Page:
Obama visits with huge oil slick threatening disaster
President Barack Obama awaited a firsthand update Sunday on the Gulf Coast oil spill and efforts to contain the environmental damage, and two members of his Cabinet hit the talk show circuit.
Washington: President Barack Obama awaited a firsthand update Sunday on the Gulf Coast oil spill and efforts to contain the environmental damage, and two members of his Cabinet hit the talk show circuit as the administration tried to counter criticism it had reacted slowly to the disaster.
Obama planned to fly to Louisiana for briefings on the underwater spill, which remained unstopped and impossible to measure, raising fears it could be pouring more oil into the Gulf than earlier believed.
The Coast Guard estimated that at least 1.6 million gallons of oil have spilled since the April 20 explosion that killed 11 workers on an offshore rig. In the Exxon Valdez disaster, an oil tanker spilled 11 million gallons off Alaska`s shores in 1989.
Obama has said his administration will do all that it can to battle the spill, which came from a BP oil company exploratory rig. The spill is already the worst in U.S. waters in decades.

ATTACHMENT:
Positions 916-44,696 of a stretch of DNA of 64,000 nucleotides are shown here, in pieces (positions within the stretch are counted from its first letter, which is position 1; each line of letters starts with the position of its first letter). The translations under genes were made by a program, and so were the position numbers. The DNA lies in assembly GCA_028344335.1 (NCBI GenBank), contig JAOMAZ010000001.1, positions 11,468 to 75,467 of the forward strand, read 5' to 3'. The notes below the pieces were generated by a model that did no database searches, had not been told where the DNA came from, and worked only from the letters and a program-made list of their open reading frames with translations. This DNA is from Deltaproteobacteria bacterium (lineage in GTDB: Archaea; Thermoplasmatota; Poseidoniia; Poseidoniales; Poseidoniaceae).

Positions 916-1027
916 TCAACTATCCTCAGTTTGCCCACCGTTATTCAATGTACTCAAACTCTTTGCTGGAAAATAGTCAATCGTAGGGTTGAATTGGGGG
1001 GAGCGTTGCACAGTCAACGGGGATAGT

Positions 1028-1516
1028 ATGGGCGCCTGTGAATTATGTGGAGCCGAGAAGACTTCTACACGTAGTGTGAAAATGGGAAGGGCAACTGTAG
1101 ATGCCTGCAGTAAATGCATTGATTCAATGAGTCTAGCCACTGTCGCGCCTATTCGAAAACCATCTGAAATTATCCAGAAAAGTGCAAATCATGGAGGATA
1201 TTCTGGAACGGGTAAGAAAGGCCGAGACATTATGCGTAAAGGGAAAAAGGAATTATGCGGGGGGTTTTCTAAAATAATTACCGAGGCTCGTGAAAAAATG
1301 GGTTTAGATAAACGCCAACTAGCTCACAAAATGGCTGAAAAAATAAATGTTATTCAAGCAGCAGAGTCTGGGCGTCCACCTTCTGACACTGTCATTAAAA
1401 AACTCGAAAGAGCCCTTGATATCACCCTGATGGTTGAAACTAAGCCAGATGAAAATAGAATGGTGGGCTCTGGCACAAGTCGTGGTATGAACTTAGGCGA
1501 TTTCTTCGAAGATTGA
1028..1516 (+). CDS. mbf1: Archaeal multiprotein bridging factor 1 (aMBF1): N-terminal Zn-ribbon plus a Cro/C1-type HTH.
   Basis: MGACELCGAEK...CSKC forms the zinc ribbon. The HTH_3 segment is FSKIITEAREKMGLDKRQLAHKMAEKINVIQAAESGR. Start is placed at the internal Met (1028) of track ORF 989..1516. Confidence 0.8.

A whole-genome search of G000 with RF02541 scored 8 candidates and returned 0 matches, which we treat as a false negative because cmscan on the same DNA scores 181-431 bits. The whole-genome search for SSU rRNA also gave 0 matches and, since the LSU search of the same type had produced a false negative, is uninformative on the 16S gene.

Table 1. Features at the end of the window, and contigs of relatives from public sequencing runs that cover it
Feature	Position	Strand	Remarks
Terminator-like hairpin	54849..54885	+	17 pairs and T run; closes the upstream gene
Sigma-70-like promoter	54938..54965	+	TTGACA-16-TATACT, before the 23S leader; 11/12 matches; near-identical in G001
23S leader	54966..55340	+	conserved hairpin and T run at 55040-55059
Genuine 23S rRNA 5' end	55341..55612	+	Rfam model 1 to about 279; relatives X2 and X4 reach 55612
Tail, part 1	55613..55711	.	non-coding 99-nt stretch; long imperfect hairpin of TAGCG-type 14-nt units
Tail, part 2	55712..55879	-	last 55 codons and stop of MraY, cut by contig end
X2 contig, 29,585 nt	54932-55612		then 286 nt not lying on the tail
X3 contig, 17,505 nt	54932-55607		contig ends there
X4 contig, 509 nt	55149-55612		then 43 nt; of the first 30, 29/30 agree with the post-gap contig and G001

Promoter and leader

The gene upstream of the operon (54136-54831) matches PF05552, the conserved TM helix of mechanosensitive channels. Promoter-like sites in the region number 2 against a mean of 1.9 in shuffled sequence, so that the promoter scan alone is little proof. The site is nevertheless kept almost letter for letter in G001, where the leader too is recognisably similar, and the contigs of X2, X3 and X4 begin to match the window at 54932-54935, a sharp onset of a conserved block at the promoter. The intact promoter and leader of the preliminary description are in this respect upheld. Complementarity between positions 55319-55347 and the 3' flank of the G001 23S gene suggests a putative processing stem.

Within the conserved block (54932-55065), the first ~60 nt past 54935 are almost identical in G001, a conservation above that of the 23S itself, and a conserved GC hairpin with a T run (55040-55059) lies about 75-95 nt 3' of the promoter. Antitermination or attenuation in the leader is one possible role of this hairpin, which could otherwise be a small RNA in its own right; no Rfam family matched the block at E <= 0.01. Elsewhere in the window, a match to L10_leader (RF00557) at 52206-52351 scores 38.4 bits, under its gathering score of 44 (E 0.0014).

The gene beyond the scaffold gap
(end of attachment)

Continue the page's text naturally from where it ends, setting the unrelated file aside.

Obama has relied on reports from agency chiefs and Coast Guard officials since the magnitude of the spill became clear late Wednesday. Aides report he`s been getting regular updates.
Interior Secretary Ken Salazar and Homeland Security Secretary Janet Napolitano scheduled appearances across the Sunday morning talk shows to detail the administration`s efforts in dealing with the environmental disaster. Joining them was the commandant of the Coast Guard, Adm. Thad Allen.
Obama has said no new offshore oil drilling leases will be issued unless rigs have new safeguards to prevent a repeat of the explosion that unleashed the massive spill.
The spill came just weeks after Obama announced plans to open up large areas of the Eastern Seaboard and a part of the Gulf for possible future oil drilling. And it`s led to increasing calls to reconsider that initiative by environmentalists and coastal state lawmakers.